Federal Reserve Chairman Jerome Powell said Thursday that the economic rebound following the coronavirus-induced shutdown "can be robust" despite the sharp downturn.
In the meantime, he said the central bank is committed to doing whatever it can to support the flow of cash to businesses and households both through a plethora of financing programs and by keeping interest rates anchored near zero.
Powell spoke during a webinar for the Brookings Institution the same morning that the Fed announced a new $2.3 trillion financing initiative directed at small and larger businesses as well as households and state and local governments.
"At the Fed, we are doing all we can to help shepherd the economy through this difficult time," he said in prepared remarks. "When the spread of the virus is under control, businesses will reopen, and people will come back to work. There is every reason to believe that the economic rebound, when it comes, can be robust."
Powell added later that it was impossible to put a firm timetable on when the U.S. might turn the corner.
"When the virus does run its course and it's safe to go back to work and it's safe for businesses to open, then we would expect there to be a fairly quick rebound," he said. "I think most people expect that to happen in the second half of this year after the second quarter. To try to be precise about where that will be, I don't think that would be appropriate."
As for the Fed's efforts, he said central bank officials won't be in a hurry to curtail any of liquidity and lending programs or the move to near zero for short-term benchmark interest rates. When it comes time to wind down the programs, he said the Fed will do so "gradually and predictably" and said it would be "in no hurry" to stop its open-ended asset purchases.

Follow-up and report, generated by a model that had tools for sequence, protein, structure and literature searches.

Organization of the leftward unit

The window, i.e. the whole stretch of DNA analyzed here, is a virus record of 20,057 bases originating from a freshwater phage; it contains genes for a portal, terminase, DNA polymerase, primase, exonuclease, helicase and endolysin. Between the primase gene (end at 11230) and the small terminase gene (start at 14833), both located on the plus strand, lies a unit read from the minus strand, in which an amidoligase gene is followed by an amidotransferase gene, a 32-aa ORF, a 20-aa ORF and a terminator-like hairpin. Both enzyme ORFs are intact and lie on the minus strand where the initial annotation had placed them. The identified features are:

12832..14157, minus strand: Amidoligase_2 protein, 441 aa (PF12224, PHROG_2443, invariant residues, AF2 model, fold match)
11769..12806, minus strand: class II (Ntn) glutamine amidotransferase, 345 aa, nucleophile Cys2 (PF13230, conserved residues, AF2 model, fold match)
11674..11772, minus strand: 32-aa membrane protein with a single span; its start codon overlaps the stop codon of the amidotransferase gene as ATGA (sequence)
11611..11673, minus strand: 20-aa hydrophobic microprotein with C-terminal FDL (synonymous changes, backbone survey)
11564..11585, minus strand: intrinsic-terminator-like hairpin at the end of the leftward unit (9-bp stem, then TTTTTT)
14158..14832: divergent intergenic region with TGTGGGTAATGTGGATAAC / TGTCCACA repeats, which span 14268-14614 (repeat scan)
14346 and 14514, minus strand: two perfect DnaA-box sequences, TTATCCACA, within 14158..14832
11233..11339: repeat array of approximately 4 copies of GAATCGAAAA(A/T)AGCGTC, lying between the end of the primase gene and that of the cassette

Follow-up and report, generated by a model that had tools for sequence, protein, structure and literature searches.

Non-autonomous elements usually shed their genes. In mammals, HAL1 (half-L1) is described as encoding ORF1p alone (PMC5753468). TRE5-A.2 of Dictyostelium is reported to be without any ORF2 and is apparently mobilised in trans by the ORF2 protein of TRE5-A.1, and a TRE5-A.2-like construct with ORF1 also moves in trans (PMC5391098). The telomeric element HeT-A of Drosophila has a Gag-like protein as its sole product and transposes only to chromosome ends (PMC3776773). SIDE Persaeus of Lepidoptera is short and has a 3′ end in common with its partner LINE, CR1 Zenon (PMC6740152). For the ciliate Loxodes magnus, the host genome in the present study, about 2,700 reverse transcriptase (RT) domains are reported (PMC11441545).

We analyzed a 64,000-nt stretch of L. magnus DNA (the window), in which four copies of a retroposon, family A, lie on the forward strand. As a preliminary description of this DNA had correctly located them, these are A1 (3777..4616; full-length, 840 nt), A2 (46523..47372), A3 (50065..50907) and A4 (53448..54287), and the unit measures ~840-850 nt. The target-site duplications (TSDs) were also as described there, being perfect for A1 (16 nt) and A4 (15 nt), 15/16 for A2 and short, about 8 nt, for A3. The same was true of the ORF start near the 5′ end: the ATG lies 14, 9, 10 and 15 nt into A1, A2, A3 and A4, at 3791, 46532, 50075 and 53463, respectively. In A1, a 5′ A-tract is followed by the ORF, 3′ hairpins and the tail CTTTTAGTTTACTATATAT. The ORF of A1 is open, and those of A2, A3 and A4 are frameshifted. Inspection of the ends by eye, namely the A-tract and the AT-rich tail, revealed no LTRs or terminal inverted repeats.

The economy received more bad news Thursday morning as weekly jobless claims hit 6.6 million, just a shade below the previous week's record high.
Nevertheless, Powell pointed out that the economy has been strong before prevention efforts aimed at halting the coronavirus spread put a large share of the U.S. productive capacity offline.
"We entered this turbulent period on a strong economic footing, and that should help support the recovery," he said. "In the meantime, we are using our tools to help build a bridge from the solid economic foundation on which we entered this crisis to a position of regained economic strength on the other side."
But he added that while the Fed has worked to provide loans, Congress likely will have to provide direct cash injections to those areas of the economy that need it.
He also reiterated the Fed's pledge to keep borrowing costs low as the efforts to stabilize the economy and subdue the virus continue.
"We have also committed to keeping rates at this low level until we are confident that the economy has weathered the storm and is on track to achieve our maximum-employment and price-stability goals," he said.